systematic attack against the DTP.

US Inspectors Investigating the Missing US Weapons
Yeni Safak, Zaman, Star: Responding to Turkey's continuing
complaints, the US sent a delegation to Turkey last week under the
lead of retired General Claude Kicklighter, Inspector General of the
Department of Defence. The delegation had meetings with the Foreign
Ministry, Turkish National Police and the General Staff. Turkish
officials told the US delegation that the missing US weapons from
Iraq continue to enter Turkey and are being used by the PKK
terrorists and that the US should take necessary steps to stop it.
Turkish authorities warned the US delegation that 811 US-made
weapons, including 14 M-16s were confiscated in Turkey in the first
nine months of the year. Yeni Safak adds that PM Erdogan had
already presented President Bush with a "Blue File" last year
containing information on the missing weapons, and is planning to
present the second file on the same issue during his upcoming visit
to the US in November.

ANKARA 00002487 002 OF 003

FM Babacan Plans to Travel to Iraq
Liberal Radikal and Islamist-oriented Zaman report that FM Ali
Babacan, to encourage the attendance at the Iraq's Neighbors Meeting
in Istanbul on November 2-3, is starting a Middle East tour this
weekend. It is expected that Babacan will pay a visit to Iraq as
well. Papers highlight that Babacan will be the first top level
Turkish official to visit Baghdad since the US occupation of Iraq in
March 2003.

Editorial Commentary: US Turkey Policy, Iraq
Haluk Ulman observes in the business daily Dunya: "Analyzing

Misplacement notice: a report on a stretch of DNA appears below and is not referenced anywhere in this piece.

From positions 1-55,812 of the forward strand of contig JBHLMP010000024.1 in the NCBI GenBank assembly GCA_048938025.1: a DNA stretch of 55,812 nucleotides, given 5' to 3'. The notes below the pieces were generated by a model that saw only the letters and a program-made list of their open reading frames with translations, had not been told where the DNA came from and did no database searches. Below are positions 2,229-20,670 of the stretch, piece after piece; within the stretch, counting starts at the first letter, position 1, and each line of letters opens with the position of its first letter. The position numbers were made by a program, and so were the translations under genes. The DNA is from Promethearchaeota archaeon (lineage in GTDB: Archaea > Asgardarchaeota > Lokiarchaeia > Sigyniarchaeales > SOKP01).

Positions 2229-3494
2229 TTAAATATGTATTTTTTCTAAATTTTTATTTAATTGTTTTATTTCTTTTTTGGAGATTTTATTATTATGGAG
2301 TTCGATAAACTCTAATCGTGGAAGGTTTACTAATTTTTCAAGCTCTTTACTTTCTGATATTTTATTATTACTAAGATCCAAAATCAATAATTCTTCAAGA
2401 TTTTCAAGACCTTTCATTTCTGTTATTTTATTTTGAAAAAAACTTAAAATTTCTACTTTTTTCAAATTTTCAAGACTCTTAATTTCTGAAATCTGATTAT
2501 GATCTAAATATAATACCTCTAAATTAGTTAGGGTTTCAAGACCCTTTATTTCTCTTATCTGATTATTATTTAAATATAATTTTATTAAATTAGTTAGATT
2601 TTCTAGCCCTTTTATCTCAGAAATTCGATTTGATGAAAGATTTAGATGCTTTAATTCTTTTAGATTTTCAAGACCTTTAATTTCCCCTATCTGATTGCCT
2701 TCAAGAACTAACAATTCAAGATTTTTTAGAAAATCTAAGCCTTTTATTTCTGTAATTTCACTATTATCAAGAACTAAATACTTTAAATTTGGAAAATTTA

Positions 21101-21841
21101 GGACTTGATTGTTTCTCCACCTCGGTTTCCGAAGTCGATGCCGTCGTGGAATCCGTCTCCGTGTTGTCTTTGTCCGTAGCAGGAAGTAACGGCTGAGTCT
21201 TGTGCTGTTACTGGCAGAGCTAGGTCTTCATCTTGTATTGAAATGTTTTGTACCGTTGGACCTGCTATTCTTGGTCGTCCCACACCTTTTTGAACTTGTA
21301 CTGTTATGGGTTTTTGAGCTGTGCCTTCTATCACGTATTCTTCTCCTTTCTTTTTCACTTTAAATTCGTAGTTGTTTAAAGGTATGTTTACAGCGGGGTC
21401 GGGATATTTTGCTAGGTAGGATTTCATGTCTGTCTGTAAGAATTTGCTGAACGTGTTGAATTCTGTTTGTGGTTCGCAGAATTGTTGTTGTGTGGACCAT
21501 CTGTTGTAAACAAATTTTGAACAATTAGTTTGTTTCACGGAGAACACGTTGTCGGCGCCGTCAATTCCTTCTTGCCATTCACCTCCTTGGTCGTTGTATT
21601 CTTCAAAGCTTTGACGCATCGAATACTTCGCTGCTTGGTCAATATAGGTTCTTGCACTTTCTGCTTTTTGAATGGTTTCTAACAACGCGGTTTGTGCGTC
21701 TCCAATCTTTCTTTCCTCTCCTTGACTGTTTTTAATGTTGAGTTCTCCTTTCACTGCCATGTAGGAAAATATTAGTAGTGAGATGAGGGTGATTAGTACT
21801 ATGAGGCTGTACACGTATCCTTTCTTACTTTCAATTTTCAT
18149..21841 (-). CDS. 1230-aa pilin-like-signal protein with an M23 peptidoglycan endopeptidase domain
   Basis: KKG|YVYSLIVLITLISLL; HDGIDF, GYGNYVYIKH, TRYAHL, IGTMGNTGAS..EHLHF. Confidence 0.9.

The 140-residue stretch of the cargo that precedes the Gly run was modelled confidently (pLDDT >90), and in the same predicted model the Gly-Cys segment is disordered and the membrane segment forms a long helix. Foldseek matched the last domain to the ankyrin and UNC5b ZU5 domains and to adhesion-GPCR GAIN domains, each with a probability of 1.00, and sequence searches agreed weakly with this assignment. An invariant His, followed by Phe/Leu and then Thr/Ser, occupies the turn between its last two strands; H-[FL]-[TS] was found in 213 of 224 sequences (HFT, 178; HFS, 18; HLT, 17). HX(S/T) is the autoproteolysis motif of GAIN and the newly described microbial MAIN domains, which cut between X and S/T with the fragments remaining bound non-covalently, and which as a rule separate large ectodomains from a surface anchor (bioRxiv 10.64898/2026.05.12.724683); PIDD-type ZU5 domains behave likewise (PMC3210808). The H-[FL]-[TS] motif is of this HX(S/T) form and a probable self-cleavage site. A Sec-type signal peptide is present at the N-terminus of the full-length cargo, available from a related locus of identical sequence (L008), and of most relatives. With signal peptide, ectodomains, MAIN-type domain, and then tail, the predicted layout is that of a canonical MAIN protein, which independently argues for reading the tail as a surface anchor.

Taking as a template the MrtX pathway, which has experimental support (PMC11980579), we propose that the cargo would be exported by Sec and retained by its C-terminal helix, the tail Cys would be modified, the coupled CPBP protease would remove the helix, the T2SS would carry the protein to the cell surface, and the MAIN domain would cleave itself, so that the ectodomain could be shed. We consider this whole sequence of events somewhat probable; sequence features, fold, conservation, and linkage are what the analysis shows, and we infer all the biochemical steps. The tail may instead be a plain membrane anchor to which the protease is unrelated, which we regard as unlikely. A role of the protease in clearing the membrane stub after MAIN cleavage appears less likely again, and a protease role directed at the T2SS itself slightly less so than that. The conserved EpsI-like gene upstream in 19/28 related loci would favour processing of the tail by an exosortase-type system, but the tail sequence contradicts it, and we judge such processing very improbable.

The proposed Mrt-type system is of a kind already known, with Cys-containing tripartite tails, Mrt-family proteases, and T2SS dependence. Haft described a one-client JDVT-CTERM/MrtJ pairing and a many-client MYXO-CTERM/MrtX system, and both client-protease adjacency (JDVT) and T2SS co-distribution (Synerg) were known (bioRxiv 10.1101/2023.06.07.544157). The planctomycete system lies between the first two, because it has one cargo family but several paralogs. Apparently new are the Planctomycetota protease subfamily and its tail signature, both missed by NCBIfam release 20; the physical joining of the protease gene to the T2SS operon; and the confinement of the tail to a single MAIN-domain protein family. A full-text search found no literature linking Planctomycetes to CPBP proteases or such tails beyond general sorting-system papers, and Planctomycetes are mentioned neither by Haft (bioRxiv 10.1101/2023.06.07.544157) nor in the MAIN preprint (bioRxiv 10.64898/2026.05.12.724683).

Turkish-American relations requires acknowledging the fact that
there is no single US entity to refer to. The White House, the
Congress with two branches, Pentagon, think-tanks, lobbies and media
-- they are all the US and don't necessarily have the same or even
similar views on Turkey. Congress and the White House both agree on
the geo-strategic importance of Turkey and do not want to lose
Turkey. The methodology is of course not the same for the different
parties. Republicans and the White House want Turkey to accept the
autonomous status of Iraqi Kurds and engage in close dialogue with
them. It is a bare fact that Ankara, on the other hand, is
sympathetic neither to dialogue with the Northern Iraqi Kurds nor to
the establishment of American military bases in Northern Iraq.
Republicans and Democrats also differ on policy priority on the
future of Turkish-American ties. The Bush administration's foreign
policy was founded on the conflict of civilizations, i.e. the
conflict of religious ideology. Turkey should position itself as
moderate Islamic country to reduce this conflict according to their
argument. Democrats however do not prioritize religion, and focus
on human rights and freedoms instead. Rights of ethnic and
religious minorities are a priority issue for Democrats. Thus when
they think about Turkey they focus on issues like the Armenian
genocide resolution, Christian properties and the opening of a
seminary. In the near future an Armenian Genocide Resolution is on
the way. The Bush administration is too weak to prevent it. The
Jewish lobby is not supportive of Turkey any longer. The future of